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Thread: Diet

  1. #41
    Guantes,
    Find the book, Eat right for your type.

    Its all about food, blood types and such.
    -Paul Sharp
    "In the midst of chaos is opportunity" - Terrence McKenna

    http://isrmatrix.blogspot.com/

  2. #42
    Join Date
    Jan 2004
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    669
    Quote Originally Posted by JOE MACK
    Hmmm...but we've got better teeth and smell better on the average. Plus, I hate women with hairy legs and underarms! :D
    You have to visit Iceland. Their women are yummy :) And they shave and smell good. Even have good teeth. I also found German girls to be very, very nice :)

  3. #43
    Join Date
    Dec 2004
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    Idaho
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    5,407
    Paul,
    Please excuse my dullard nature. Which book are you referring to?
    "Many men are able, most aren't willing"
    J.B. Books

  4. #44
    Join Date
    Jan 2004
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    Eat Right For Your Type is the name of the book. Superimposed over the word "for" is the number 4. I personally would get "Neanderthin" instead.

  5. #45
    Join Date
    Dec 2004
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    Idaho
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    Thanks T, I will look into both.
    "Many men are able, most aren't willing"
    J.B. Books

  6. #46
    Join Date
    Jan 2004
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    You're welcome. You probably already know this, but it seems every used book store I've been in has a copy of the blood type book. I got a copy for, I believe, $.75.

  7. #47
    Join Date
    Mar 2005
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    New Mexico
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    Default Some good reading

    Dietary Reference Intakes for Energy, Carbohydrate, Fiber, Fat, Fatty Acids, Cholesterol, Protein, and Amino Acids Institute of Medicine of the National Academies, National Academies Press; Institute of Medicine, 500 Fifth Street NW, Washington DC 20001. 2002. 1408 pages.

    Fifth in a series, but probably the most relevant of that series to this thread. These are the studies being used to re-write the USRDA tables.

    Summary:
    This new report establishes ranges for fat, carbohydrates and protein and stresses the importance of balancing diet with exercise. Highlights of the report include:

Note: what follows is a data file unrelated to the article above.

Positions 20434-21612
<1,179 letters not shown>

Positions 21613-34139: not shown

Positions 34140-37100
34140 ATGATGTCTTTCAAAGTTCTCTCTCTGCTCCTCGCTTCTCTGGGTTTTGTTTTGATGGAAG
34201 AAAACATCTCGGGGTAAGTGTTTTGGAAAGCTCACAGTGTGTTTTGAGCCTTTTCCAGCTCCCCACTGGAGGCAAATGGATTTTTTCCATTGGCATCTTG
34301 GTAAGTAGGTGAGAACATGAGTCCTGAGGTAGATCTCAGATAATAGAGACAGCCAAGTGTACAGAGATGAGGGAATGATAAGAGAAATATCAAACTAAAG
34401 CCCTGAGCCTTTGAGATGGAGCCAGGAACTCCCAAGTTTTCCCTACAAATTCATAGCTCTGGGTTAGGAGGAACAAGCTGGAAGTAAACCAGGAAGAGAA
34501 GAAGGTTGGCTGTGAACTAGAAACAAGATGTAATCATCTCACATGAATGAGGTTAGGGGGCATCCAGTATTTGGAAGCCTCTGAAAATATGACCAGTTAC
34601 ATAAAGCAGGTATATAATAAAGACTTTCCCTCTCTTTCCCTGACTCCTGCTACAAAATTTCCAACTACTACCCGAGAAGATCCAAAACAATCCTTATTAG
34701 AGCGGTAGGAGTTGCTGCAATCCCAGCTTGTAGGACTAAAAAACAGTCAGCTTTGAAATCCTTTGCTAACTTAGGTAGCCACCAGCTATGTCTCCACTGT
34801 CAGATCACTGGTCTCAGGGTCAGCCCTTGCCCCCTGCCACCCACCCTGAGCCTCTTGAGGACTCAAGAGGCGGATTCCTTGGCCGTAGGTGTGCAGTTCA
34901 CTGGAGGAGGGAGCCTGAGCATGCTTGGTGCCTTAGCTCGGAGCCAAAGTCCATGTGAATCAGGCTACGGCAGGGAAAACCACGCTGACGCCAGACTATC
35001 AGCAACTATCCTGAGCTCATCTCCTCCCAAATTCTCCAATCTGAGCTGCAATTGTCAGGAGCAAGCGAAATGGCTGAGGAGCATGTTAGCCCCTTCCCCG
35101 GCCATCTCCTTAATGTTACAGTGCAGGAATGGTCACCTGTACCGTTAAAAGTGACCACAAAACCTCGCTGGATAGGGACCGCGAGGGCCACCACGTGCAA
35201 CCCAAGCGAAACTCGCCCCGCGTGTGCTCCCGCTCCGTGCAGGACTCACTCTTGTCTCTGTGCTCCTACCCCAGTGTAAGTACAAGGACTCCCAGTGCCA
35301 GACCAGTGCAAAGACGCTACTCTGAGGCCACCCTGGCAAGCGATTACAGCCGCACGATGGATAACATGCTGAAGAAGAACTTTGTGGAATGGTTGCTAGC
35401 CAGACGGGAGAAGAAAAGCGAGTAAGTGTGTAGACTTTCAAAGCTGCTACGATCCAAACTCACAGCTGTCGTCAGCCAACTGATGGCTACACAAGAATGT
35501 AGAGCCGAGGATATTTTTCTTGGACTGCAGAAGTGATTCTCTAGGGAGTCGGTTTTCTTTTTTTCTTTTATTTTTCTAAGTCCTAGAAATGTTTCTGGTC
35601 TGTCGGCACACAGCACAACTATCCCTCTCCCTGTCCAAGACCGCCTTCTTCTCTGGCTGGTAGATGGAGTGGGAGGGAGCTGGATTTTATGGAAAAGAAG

- Adults should get 45 percent to 65 percent of their calories from carbohydrates, 20 percent to 35 percent from fat, and 10 to 35 percent from protein. Acceptable ranges for children are similar to those for adults, except that infants and younger children need a slightly higher proportion of fat (25 %-40%).

    - To maintain cardiovascular health, regardless of weight, adults and children should achieve a total of at least one hour of moderately intense physical activity each day.

    -Added sugars should comprise no more than 25 percent of total calories consumed. Added sugars are those incorporated into foods and beverages during production which usually provide insignificant amounts of vitamins, minerals, or other essential nutrients. Major sources include soft drinks, fruit drinks, pastries, candy, and other sweets.

    - The recommended intake for total fiber for adults 50 years and younger is set at 38 grams for men and 25 grams for women, while for men and women over 50 it is 30 and 21 grams per day, respectively, due to decreased food consumption.

    - Using new data, the report reaffirms previously established recommended levels of protein intake, which is 0.8 grams per kilogram of body weight for adults; however recommended levels for pregnancy are increased.

    - The report doesn't set maximum levels for saturated fat, cholesterol, or trans fatty acids, as increased risk exists at levels above zero, however the recommendation is to eat as little as possible while consuming a diet adequate in important other essential nutrients

    - Recommendations are made for linoleic acid (an omega-6 fatty acid) and for alpha-linolenic acid (an omega- 3 fatty acid)
    This book can be read online, free, here.

  8. #48
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    Jan 2004
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    I don't think I could disagree more on their calorie percentage breakdown.

  9. #49
    Join Date
    Mar 2005
    Location
    New Mexico
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    Chapter 10 contains a reasonable critique of the nitrogen balance method for determining protein requirements, however they continue to use it, citing the absence of a characterized alternative - but they do also discuss other methods. Also, their protein recommendation is for "maintainance" level in "average" adults, whose total protein composition is under 50% skeletal muscle, and who would probably be characterized by some as "grass-eaters." Other studies have shown that athletes and people engaged in serious training (which should include all of us) that increases muscle fiber size and/or number, do better with 2-3x the "maintainance" protein level they suggest.
    Last edited by Lloyd; 08-03-2005 at 11:40 AM.

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